Ernst Loof was born in Neindorf, Germany and started his racing on motorcycles, winning the German Motorcycle Championship eight times between 1930 and 1938. He worked as an engineer at BMW eventually becoming the head of their racing operations and building the 328 special coupe that Huschke von Hanstein and Walter Baumer used to win the shotened Mille Miglia in 1940.
After the end of the second World War in 1945, BMW's operations were closed down and in 1946, after a failed plan to continue production in England, several employees left BMW to form their own company named Veritas, Latin for truth, in Baden. Headed by Loof and Lorenz Dietrich they built racing cars using pre-war BMW 328 six cylinder engines with a tubular frames and alloy bodies. Initially they produced a sports car, the RS, and then a single seater, the Meteor. They moved to the French zone where they offered an ever increasing range of models, but they became over ambitious and financial problems in 1950 forced the works to close.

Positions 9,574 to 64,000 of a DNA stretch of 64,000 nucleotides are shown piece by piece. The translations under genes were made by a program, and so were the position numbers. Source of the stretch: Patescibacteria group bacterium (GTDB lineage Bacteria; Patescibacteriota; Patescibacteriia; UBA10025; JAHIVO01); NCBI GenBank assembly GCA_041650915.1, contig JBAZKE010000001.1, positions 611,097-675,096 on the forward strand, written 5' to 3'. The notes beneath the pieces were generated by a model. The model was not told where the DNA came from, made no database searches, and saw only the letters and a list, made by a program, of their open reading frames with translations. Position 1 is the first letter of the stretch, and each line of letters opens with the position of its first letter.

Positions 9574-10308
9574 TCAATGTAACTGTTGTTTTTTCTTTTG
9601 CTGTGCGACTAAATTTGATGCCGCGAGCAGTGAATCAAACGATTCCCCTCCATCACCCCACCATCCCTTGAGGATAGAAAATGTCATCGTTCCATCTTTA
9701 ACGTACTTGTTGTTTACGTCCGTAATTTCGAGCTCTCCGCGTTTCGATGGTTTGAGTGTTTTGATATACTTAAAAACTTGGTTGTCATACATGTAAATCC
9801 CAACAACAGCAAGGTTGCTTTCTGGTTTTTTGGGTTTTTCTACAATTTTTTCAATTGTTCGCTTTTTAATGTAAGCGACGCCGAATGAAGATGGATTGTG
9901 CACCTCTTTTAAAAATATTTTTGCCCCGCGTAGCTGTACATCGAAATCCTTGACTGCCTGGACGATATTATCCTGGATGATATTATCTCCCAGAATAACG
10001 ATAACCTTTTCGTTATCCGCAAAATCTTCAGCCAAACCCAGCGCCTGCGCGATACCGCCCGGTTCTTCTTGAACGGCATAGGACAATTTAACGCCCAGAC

Loof moved the firm to a small workshop at the Nurburgring and, with financial help and single overhead cam 2 litre engines supplied by Heinkel, Veritas continued production until 1953 when Loof returned to BMW. In all 78 different models were produced.
Loof seldom raced but did drive one of his BMW engined machines in the 1953 German Grand Prix where he retired with fuel pump failure. He also rallied a BMW in 1954 but was then diagnosed with a brain tumour and died in 1956 after a long illness.